OLPCorps Tulane University & UC Davis – Sierra Leone

The Most Productive One-Day Trip EVER by Katie McCarthy
August 6, 2009, 9:49 am
Filed under: OLPCorps, Technology

In an attempt to catch our faithful readers up with our continually chaotic lives post-XOs, here is a blog about our life pre-XOs.

You know when you are waiting for an important call – a call from the doctor, or from a job interview, or from Cox Communications – and you have been waiting all day? And, after waiting hours next to the phone, you decide to run to the bathroom because you have been waiting all day next to the phone. And, just when you sit down on the toilet, the phone rings. That’s what our trip to Sahn Malen was like.

As you know, we had been waiting weeks for customs to release our laptops. Being incredibly bored and not having anything else to do until our laptops arrived, we decided it was the perfect time to go visit the other SL OLPC team. Katie and I met two of their teammates when we were in Rwanda and they were pretty awesome. Although the morning started out with bad luck for me (freezing cold showers with no electricity and the water running out do not bode well for the start of the trip), the trip was uneventful. Upon leaving Kenema, we first took a taxi to Bo (the 4 of us with 6 of our closest friends – we were in a 5 passenger car – about an hour away). Once in Bo, we found another taxi to take us to Pujehun town. The road to Pujehun is about 30 miles paved and 12 miles unpaved – about 2 hours. We shared the taxi with our closest 9 friends (again, 5 passenger). When we arrived in Pujehun, we found that most of the motor bikers had been arrested the day before because they did not have licenses. We had planned on taking a motor bike to Sahn Malen… we finally found two bikers and ended up riding 3 to a bike with several backpacks. I’m still sore from trying to hold onto the bike with my legs and trying to keep my back straight (and not fall off the bike) with my stomach muscles. Excellent workout! It took us about 30 minutes by bike to get to Sahn Malen. The Hondas knew exactly where to take us because our friends were the only poo-mwis there. In fact, people in Bo even knew who we were going to visit (one of the Sahn Malen team members has dread locks, an unusual hairstyle for men in Sierra Leone, so they know who he is).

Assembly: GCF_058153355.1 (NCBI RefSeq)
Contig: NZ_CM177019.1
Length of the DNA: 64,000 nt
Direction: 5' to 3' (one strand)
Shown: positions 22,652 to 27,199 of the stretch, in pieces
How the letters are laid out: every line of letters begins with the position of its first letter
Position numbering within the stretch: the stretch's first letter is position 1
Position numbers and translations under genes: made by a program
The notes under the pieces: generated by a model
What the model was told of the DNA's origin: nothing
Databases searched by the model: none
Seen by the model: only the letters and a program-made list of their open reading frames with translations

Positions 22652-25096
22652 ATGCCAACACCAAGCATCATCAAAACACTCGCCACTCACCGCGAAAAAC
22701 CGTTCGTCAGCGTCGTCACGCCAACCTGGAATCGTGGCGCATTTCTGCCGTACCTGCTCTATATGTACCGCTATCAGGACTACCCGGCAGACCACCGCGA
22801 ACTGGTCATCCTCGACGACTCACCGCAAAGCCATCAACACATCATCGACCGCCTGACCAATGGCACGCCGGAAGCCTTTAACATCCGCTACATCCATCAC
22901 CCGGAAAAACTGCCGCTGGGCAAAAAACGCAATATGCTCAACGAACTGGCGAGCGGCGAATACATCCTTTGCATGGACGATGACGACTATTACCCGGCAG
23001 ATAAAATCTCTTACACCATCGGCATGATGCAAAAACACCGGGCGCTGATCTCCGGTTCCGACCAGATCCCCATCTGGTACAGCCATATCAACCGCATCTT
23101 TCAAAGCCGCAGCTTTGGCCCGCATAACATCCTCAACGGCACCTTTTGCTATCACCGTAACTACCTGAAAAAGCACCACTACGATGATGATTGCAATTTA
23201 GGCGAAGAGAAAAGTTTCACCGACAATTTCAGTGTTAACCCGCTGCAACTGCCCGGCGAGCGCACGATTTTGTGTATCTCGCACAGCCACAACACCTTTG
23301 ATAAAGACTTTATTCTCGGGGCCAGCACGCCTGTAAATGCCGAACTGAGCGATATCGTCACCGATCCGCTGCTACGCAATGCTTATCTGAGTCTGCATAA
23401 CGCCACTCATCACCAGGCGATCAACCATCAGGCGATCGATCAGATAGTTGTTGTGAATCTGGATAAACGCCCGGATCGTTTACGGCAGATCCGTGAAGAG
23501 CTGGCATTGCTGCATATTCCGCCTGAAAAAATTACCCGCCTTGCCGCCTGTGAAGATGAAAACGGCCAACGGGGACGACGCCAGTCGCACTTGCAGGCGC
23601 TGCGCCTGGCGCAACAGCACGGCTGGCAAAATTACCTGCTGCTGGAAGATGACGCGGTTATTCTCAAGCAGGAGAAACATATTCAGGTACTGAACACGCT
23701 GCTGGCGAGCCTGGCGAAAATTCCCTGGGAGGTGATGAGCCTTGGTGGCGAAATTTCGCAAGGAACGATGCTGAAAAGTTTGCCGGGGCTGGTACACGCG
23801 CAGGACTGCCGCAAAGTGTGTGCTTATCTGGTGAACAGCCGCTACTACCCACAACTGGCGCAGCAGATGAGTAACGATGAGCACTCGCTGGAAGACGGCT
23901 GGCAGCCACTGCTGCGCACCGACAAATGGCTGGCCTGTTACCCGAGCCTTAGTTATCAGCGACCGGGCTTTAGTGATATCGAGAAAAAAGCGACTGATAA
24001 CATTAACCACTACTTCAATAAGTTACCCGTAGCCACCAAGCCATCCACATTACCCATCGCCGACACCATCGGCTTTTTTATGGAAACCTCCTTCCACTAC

Thomas, our Honda driver

Thomas, our Honda driver

The village, Sahn Malen, is really rural and the team has one of the few generators in town. They get many of their supplies from Bo (which is 2-4 hours away, depending on the type of transportation). We got there in the mid-afternoon and went to see the other team’s set-up (very low tech but good). They power the laptops with the combination of a generator, individual solar panels, and a battery (powered by solar panels). They were building off of a previous deployment in December, working with peer educators and two local schools to provide XOs to all children in Class 5 (roughly, fifth grade). After observing their setup, we headed out to a “nearby” village (1 hour’s walk away) with another team member who was following up on mosquito net distribution project.

Scenic view along the way to Sahn Malen

Scenic view along the way to Sahn Malen

On our walk, however, Chelsea kept getting flashed on her cell phone by two of our DCI colleagues. (BTW, the term “flashing” refers to when people call your cell phone quickly, so you know they called, but not so you have enough time to actually pick up the phone. Because most people pay for their cell phones by the minute, calling people, especially when they have a different provider, can be expensive.) They kept calling but, of course, we had no signal because we’re in the middle of nowhere – literally. We were between two extremely isolated villages. We finally found a place where there were two bars but we had no units. So, we flashed them back. See the pictures below for a visual representation of how the call went.